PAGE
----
The doctrine of mutuality on the Goods and Service Tax regime (GST) has been a subject-matter of much deliberation after the landmark judgment rendered by the Honorable Supreme Court of India in the case of State of West Bengal v. Calcutta Club Limited AIR 2019 SC 5310. Before diving into the judicial analysis of the concept of mutuality and its application to GST, it is pertinent to briefly elucidate the very doctrine of mutuality. The concept of mutuality stems from the basic understanding that a person cannot trade with his own self. It finds its foundational basis from the common law principles, which states that “a person cannot make a profit from himself.” The crux of the rule of mutuality lies in the shared trait of the contributors and members who additionally, constitute the beneficiaries. Here, the people who constitute the contributors to the basic asset/fund shall be qualified for taking part in the surplus and likewise the participators to the surplus herein, will be considered contributors to the common fund/asset. The rationale behind the law is that it envisions a parallel between the contributors and the participants in this sense. The doctrine proposes that whatever is returned is basically a contribution that is made by a member. As aforementioned, whatever surplus is created to the common fund shall not be considered as “income” but shall be deemed as an increment in the common fund that is intended to meet any abrupt outcomes that may arise.
This very doctrine of mutuality was challenged in the said judgment. The Calcutta Club is one of the most prestigious clubs in Kolkata which is incorporated under section 26 of the Companies Act. The club provided drinks and other refreshments to its permanent members in return of payment. However, it did not pay sales tax on these transactions on the ground that its members and the club had the same identity. The Assistant Commissioner of Commercial Taxes had issued a notice to Calcutta Club informing that it had failed to pay the sales tax on the sale of refreshments to its members in a particular quarter. The Club contented that it was not a “dealer” under Sales Tax Act. The matter went before a Tribunal, then to the High Court of Calcutta and finally to the Honourable Apex Court.
The Honourable Supreme Court had before itself three important questions.
“i) Whether doctrine of mutuality is applicable to incorporated clubs or any clubs after 46th amendment to Article 366(29A) of the Constitution?
ii) Whether decision of CTO Young Men’s Indian Association (1970) 1 SCC 462 (SC) still holds field after 46th amendment to Constitution? And whether decisions of Cosmopolitan Club v. State of TN (2009) 19 VST 456 (SC) and Fateh Maidan Club v. CTO 12 VST 598 (SC) which applied doctrine of mutuality after 46th amendment to Constitution lay down the correct law?
iii) Whether 46th amendment by its deeming fiction affirms the position that provision of food, beverages etc. by an incorporated club to its permanent members constitutes ‘sale’ liable to sales tax?”
It was held by the Apex Court that action which is undertaken by the clubs or the incorporated/ unincorporated associations for the purpose of sale or supply of goods or any services rendered by the same shall not be accountable for the payment of sales tax because the doctrine of mutuality is in operation even after the 46th Amendment. The bedrock of the principle of mutuality lies in the theory that “one cannot derive profit from one’s own self.”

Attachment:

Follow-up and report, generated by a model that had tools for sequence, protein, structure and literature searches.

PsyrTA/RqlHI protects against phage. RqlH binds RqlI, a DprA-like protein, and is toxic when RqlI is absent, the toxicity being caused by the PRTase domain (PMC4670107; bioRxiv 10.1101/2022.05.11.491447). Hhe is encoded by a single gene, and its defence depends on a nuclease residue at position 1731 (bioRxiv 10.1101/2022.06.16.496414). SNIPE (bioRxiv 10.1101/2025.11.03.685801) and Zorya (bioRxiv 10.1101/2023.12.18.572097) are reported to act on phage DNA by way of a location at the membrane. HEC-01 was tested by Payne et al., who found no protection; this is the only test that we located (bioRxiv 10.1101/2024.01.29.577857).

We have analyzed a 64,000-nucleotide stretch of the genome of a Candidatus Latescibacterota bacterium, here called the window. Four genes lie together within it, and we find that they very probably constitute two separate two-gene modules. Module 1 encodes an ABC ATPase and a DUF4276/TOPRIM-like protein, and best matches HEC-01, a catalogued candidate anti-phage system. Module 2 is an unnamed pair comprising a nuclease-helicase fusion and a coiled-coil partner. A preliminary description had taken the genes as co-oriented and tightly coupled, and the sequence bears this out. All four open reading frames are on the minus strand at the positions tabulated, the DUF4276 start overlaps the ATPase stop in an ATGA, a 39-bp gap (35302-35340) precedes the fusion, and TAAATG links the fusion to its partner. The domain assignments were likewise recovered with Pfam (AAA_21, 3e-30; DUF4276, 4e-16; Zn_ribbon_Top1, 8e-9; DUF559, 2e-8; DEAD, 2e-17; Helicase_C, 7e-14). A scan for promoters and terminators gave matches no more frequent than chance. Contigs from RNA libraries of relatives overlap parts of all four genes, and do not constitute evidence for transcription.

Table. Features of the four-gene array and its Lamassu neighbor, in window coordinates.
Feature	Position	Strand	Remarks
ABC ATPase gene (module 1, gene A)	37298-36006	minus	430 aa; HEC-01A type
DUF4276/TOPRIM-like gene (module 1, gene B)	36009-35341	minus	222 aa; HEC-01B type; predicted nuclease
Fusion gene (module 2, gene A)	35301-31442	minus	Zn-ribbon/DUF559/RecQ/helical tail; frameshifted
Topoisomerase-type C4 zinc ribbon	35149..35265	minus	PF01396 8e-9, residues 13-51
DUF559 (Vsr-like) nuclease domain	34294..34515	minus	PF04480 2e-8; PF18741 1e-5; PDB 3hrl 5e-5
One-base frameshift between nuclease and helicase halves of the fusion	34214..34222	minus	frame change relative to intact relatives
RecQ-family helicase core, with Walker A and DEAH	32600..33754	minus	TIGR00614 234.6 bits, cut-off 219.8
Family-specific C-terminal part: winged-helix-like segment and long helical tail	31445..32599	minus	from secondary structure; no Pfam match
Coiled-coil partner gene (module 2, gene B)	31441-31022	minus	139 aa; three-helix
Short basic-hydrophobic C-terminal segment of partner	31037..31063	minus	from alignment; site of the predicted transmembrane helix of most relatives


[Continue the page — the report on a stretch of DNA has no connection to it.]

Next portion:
The Apex Court had defined this doctrine of mutuality on several occasions as “an amount that is received from oneself, cannot be regarded as income and taxable.” The Judiciary has been polishing this principle of mutuality since a very long time. The essence of this doctrine can be elucidated from Dublin Corporation v. M’Adam (Surveyor of Taxes), which opined that “No man, in my opinion, can trade with himself; he cannot, in my opinion, make, in what is its true sense of meaning, taxable profit by dealing with himself.”
Tax Evasion is always kept under strict scrutiny by the state taxation authorities and therefore, a tendency persists to even tax those transactions which will normally not constitute a ‘sale’ by these authorities. The conundrum here is also with regard to one such transaction viz. the applicability of tax on supply of goods by a club irrespective of whether incorporated or not to its members in return of cash, deferred payment, or valuable consideration. It was contended by such clubs that the implementation of tax in such transactions dilutes the very essence of the principle of mutuality. Their contention was further substantiated by adding that any supplies that are made to its members will be the same as dealing with their own self and hence, no profit can be construed therein. The concept of mutuality clearly mandates the fact that only one person shall be involved in the transaction, and the present case satisfactorily justifies that supplies rendered by such clubs to its members do not placate the prerequisite of taxation that is, presence of two persons and hence, it has been continually argued by the clubs that levying tax is inapplicable in such transactions.